Friday, 3 July 2015

What is the strategic and tactical orientation of your fund?

HDFC Equity: Top gun
This perennial winner has a massive fan following. And rightly so! Like a magician repeating a trick, HDFC Equity has beaten the category average every single calendar year since 1997. Its ability to identify opportunities at the right time is the key factor contributing to its success. For example, when the Supreme Court halted PSU disinvestment in September 2003, the fund sold its entire energy holding and built a fresh position in March 2004, when PSU stocks started rallying.
Though the fund maintains a large-cap bias, it does not hesitate to invest substantially in stocks of smaller companies, as and when there are opportunities to exploit. Currently, large-caps account for 51 per cent of the assets while the mid- and small-cap allocations stand at 42 and 6 per cent respectively.
The fund manager has always boldly ridden his convictions. He refrains from taking cash calls and prefers to remain fully invested at all times. Historically, his portfolio has been a focussed 25-30 stocks. But the complexion of the fund seems to be changing on this front. The number of stocks has increased to over 45. And, the concentration in the top five holdings has been moderated from 35-40 per cent about a year ago, to just around 25 per cent now.
This is probably not reflective of his stance but rather an adjustment to the size. Investors have flocked to this fund in droves making it the largest diversified equity offering of Rs 5,000 crore. And this very factor may be detrimental to the strategy of the fund. The fund’s ability to identify opportunities and take meaningful exposure in them will be neutralised by its increasing size. The fund has displayed ample spunk till date, but it remains to be seen how it fares from here on.
NAV: Rs 182.838 (28/09)
Entry Load: 2.25% for investment less than Rs. 5 Cr.
Exit Load: Nil
Expense Ratio: 1.83%
Launch: Dec ‘94
Plans: Growth, Dividend
Min Investment: Rs 5,000
Benchmark: S&P CNX 500
Portfolio Manager: Prashant Jain
Top sector weights
% of Assets
Capital Goods17.68
Financial Services12.13
Consumer Non-Durable8.85
Fund Manager: Prashant Jain
Hard to forecast
Jain is one of the most revered fund managers, known for his astute stock picking abilities. All his funds are five-star rated, be it equity or balanced. The impressive list includes HDFC Equity, HDFC Prudence and HDFC MIP Long Term.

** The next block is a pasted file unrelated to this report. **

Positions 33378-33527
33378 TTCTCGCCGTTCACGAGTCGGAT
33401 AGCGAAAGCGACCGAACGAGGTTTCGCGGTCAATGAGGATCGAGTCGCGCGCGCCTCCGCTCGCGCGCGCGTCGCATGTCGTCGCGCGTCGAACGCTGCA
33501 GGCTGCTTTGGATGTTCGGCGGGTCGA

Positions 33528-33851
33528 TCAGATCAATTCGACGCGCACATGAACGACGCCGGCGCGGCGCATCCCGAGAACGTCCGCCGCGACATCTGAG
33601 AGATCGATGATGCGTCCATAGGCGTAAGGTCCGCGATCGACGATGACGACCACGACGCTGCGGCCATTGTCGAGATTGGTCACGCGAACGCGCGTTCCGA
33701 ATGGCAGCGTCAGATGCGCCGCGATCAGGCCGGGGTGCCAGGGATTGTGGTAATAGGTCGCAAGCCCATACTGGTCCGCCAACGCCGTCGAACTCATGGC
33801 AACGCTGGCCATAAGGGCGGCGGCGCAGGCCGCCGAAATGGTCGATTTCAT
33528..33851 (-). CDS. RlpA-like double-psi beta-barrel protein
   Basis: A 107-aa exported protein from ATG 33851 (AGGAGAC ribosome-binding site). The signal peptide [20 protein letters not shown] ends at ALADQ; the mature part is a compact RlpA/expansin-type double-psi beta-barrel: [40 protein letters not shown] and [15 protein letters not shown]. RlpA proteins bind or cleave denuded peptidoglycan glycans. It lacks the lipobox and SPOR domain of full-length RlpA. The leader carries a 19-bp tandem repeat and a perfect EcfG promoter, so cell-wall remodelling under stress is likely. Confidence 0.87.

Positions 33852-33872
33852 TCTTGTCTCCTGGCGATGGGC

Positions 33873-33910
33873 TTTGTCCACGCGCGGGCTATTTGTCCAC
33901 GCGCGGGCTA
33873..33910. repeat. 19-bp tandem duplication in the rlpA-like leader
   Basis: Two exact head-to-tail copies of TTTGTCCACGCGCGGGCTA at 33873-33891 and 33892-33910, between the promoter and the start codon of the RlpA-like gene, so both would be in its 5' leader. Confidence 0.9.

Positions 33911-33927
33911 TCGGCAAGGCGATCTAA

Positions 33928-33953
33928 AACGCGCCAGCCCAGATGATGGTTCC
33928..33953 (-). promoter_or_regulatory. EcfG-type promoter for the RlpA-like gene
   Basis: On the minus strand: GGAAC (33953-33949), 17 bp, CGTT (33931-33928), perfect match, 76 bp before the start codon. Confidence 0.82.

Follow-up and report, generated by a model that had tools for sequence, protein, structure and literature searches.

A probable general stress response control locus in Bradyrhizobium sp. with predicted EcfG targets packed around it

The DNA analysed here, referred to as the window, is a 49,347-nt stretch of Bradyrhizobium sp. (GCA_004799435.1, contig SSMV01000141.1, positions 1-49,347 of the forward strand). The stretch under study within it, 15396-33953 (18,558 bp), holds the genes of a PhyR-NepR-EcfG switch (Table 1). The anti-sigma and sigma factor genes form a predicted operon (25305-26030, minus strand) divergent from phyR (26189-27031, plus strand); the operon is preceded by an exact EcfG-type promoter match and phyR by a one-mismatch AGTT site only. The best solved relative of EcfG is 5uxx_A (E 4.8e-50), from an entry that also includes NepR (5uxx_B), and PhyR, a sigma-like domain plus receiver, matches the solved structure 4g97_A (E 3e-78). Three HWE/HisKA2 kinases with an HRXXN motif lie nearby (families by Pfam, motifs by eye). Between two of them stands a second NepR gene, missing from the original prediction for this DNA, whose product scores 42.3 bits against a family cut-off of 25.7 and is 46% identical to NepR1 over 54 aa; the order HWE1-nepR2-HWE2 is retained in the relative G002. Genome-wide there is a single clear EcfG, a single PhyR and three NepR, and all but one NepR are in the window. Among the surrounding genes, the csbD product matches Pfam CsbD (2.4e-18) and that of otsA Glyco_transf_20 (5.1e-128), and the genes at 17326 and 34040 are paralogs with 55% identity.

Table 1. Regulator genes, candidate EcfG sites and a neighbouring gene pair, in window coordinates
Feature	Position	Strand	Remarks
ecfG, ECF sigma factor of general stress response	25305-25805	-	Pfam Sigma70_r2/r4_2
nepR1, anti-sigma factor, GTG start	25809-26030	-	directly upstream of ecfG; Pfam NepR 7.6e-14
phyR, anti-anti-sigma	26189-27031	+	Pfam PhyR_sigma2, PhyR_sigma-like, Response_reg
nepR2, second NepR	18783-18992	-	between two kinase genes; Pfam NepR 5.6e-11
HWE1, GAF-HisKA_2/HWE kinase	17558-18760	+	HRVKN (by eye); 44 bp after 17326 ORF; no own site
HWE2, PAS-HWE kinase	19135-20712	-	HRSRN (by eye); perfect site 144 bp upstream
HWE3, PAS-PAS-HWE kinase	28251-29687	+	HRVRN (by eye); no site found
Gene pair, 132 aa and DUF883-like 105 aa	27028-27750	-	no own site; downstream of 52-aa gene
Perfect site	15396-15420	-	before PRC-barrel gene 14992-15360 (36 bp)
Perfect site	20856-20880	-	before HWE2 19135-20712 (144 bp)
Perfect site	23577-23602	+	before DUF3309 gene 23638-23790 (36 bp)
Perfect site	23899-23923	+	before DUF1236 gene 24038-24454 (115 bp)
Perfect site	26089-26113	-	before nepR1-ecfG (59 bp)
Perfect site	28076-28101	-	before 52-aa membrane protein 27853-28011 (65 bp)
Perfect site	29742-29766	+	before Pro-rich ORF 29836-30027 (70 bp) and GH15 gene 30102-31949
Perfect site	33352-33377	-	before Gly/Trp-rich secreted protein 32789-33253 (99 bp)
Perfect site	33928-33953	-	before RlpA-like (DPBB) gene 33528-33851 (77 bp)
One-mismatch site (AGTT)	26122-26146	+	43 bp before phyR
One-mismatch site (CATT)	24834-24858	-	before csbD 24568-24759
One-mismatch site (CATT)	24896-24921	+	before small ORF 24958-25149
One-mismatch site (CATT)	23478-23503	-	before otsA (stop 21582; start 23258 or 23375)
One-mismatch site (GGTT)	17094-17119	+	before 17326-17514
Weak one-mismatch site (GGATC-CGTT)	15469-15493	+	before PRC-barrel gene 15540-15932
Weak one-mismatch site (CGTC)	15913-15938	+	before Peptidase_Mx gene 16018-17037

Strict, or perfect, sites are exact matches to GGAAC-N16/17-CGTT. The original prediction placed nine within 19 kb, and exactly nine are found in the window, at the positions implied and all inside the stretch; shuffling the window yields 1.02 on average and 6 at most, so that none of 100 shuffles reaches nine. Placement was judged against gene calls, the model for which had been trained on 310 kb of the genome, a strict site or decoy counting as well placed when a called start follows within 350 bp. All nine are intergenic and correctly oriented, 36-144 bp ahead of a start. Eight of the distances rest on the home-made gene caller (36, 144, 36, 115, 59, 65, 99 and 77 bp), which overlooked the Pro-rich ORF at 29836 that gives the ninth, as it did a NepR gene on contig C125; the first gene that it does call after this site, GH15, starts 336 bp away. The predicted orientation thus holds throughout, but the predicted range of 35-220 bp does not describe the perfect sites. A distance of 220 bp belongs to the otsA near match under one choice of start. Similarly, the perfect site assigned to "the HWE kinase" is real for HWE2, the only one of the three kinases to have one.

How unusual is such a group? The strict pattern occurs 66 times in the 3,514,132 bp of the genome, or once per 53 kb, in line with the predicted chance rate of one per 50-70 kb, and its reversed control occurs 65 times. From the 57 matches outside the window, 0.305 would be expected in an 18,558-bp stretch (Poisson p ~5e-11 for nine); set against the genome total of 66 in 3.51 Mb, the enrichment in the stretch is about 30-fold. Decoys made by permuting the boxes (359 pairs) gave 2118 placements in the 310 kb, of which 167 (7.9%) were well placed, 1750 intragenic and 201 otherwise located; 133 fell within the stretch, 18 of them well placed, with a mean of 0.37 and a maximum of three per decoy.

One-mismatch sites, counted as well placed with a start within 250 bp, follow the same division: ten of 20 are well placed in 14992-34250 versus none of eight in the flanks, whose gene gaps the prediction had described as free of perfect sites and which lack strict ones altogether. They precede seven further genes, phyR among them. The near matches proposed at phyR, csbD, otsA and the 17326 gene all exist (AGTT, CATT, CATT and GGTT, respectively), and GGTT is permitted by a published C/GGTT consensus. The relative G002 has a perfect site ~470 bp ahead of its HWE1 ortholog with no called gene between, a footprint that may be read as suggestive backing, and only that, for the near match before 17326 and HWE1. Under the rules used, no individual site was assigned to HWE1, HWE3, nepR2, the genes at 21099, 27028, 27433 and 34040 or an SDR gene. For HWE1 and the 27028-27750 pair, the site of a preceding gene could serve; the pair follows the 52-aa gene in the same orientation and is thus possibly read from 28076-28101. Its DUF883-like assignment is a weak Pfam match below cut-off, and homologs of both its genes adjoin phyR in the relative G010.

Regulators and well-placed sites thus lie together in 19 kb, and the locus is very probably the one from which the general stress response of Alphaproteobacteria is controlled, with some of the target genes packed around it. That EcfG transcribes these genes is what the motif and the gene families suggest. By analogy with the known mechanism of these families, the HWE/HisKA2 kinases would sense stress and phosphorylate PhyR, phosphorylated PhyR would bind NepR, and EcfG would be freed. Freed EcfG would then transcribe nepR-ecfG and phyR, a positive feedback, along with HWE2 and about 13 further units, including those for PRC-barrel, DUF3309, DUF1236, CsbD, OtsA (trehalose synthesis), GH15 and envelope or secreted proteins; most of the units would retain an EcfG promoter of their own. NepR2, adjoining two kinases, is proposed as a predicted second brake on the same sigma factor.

Jain worked for two years with SBI Mutual Fund before joining Zurich India AMC. In 2003, HDFC Mutual Fund took over and he has been with the fund house ever since. An engineer from IIT, he holds an MBA from IIM.
Do you see a market crash in the near future? 
In my opinion, a “crash” is probably too strong a word for the Indian market. But a correction can never be ruled out.
It is true that the Indian market is somewhat expensive, but it offers a unique combination of size and growth. Global investors are increasingly looking at India as a mainline asset class and are therefore, investing with a long term view. If you look at Indian P/E's of nearly 20, 15-20 per cent earnings growth, interest rates of 4-6 per cent prevailing outside India and an appreciating currency, then Indian P/E's still look reasonable. India is somewhat expensive compared to the past and to the prevailing interest rates locally. But when viewed in the global context and in view of improved size, fundamentals and visibility of the Indian economy, the market does not appear to be unreasonably valued.
What is the strategic and tactical orientation of your fund? 
We refrain from taking significant cash calls, as we believe investors are doing the asset allocation at their end. Further, it is extremely difficult to time the markets. For instance, early 2000, when the market was at a peak, the cash levels in funds were extremely low. But in September 2001, when the market was at the bottom, cash levels were higher.
In view of the above and the attractive medium to long-term outlook of equities, HDFC Equity Fund continues to remain nearly fully invested.
In the case of HDFC Prudence, the fund has been overweight on equities since 1999. The exposure to equities is between 70-75 per cent and the rest is in bonds. One change that has been done in the last six months is that the maturity of the fixed income portfolio has been increased. This is because the risk reward equation of long maturity bonds is favorable.
Which are your top sector preferences?
Both funds are overweight on capital goods, banking, media and FMCG stocks. The Equity Fund has a lesser exposure to mid caps than Prudence.

Comment:  Learning the working of a fund manager.  

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